Finally, his non-ruling at the end is ridiculous (basically, he said that he is going to rule on the particular conclusions and testimony on a statement by statement basis as the State introduces the evidence. Absurd).

One of the worst opinions I've ever seen.

BTDT

PS----I also found it amusing that Milt opined that fingerprint identification "is advocated and practiced almost exclusively by law enforcement and prosecutorial authorities." I guess he hasn't bought a good laptop in a few years. Many are equipped with fingerprint identification technology.

Anonymous said...

It's so funny when Milt posts good things about himself. But a little sad, too. Like when he invited everyone to lunch so he could talk about how smart he was, but no one showed up.

Anonymous said...

Milt is absolutely right. And the only thing even slightly controversial about this order is that it implicitly calls out past judges and even defense attorneys for lazily accepting unfounded conclusions.

The Order fingerprint evidence doesn't eliminate the use of fingerprint evidence, but it does require that conclusions actually be supported by the evidence (heaven forbid).

Anonymous said...

I don't like Judge Hirsch. When I've seen him on the bench he has been condescending in a way that bespeaks enormous insecurity. Why would an aged, accomplished jurist roll his eyes and sigh make snide comments about young ASAs and PDs?

His writing style is putrid. It is cluttered and meandering, phrases constantly stopping to gaze at themselves in the mirror, instead of powering the sentence ahead. Using the Latin for a cliche like "grain of salt" doesn't refresh the cliche, it only signals the worst middlebrow pretension.

In sum, a short sabbatical to address his insecurity would do his personality wonders. Imagine his command of language put to good use! Imagine the breadth of his reading marshalled, not to show off, but to shed light on difficult situations! Sadly, I don't think we will see this. We will get more bloviating.

Despite all of this, however, the man is right when it comes to the Rules of Evidence. It's too bad you have to dig and scrape through his writing style, but he's right.

Anonymous said...

Dear Miltie, please see State v. Armstrong, 920 So. 2d 769 (Fla. 3rd DCA 2006), review denied 945 So. 2d 1289.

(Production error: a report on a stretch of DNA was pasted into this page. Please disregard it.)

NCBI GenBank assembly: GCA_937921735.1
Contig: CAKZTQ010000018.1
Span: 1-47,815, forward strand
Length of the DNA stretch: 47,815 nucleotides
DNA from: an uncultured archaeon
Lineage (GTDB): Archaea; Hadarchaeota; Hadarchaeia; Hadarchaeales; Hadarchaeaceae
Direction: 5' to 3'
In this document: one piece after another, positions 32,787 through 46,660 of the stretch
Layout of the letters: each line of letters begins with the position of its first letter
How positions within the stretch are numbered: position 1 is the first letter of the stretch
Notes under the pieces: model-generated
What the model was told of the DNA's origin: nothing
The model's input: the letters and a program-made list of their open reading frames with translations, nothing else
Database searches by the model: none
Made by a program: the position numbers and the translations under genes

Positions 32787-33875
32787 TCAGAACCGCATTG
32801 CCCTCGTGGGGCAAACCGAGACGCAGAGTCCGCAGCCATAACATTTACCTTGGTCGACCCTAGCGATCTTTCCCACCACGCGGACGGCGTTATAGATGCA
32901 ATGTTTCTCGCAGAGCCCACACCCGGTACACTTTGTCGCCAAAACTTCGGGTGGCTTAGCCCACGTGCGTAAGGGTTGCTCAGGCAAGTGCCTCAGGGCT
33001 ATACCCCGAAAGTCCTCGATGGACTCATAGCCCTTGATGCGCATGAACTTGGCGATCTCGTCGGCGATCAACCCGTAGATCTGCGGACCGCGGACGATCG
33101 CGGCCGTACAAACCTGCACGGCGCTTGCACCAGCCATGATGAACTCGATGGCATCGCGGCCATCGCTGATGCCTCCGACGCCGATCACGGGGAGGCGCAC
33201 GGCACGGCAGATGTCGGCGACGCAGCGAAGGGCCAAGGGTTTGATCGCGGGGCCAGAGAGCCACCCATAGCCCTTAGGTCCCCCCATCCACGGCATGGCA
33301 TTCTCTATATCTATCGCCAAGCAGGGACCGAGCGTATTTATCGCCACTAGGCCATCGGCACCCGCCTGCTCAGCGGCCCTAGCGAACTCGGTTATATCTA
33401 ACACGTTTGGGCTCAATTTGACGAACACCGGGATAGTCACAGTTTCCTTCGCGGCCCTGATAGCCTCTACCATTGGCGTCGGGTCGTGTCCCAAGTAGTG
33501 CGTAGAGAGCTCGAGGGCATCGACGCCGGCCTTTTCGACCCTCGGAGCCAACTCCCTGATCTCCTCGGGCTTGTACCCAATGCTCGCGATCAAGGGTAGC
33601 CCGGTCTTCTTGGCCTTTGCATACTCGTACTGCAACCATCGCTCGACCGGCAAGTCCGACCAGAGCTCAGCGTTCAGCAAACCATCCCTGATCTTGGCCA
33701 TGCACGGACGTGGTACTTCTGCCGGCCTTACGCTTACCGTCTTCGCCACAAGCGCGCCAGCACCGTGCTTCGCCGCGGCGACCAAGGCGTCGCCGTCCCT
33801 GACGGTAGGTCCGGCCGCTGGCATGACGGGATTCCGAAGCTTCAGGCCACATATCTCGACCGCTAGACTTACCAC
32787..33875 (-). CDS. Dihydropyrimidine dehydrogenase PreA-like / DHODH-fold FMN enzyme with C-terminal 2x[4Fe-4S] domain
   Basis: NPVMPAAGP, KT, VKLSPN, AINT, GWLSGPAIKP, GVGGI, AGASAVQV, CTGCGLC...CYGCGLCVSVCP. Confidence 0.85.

"American Minority" said...

Judge Hirsch is appropriately explicating the issue of finger print science's traditional ambiguity of "identical matches". He's being precise on the issue.

Judges uses brain and people go crazy: How dare he use his brain to think on the bench!?!

Reminds me of what a boss once told me when I was a painter. He said to me one day,"What are you doing?" I said I thought about--." He rejoined "You don't get paid to think, you get paid to do." That's when I quit.

Anonymous said...

Hey Cap - I've known Milt a long time - before he was a judge and after. I've spoken with him when he's been on and off the bench. No matter the circumstance, there is only 1 topic of conversation that holds his interest: HIM. He is so full of himself it's crazy. Perhaps his bravado is a mask for deep-seated inadequacy from childhood or some other crap. I really don't care. He is a jerk in a robe that likes to quote other people because he has nothing profound to say on his own.

"American Minority" said...

Rumpole, Capt,

What do you think about Judge Sigler's Ruling on SB 1960 as Unconstitutional?

In my opinion her ruling is just and, timely.

Anonymous said...

Excuse all of you who believe Milt is right. Whether he is right or not is irrelevant. The DCA's and the Fla. S.Ct. have determined otherwise and he is ethically and legally bound to follow that precedent. It is on appeal after a record is made that the change takes place. Milt has usurped his powers as a Circuit Judge and the authority of the DCA and S.Ct.

Get over whether he is right or wrong. His ego is the isssue not his analysis.

Anonymous said...

I'm not a lawyer, so I'm not going to pretend to understand judge milt's order. But couldn't he just deny the recusal motion in 2 pages? Why all the shakespeare references?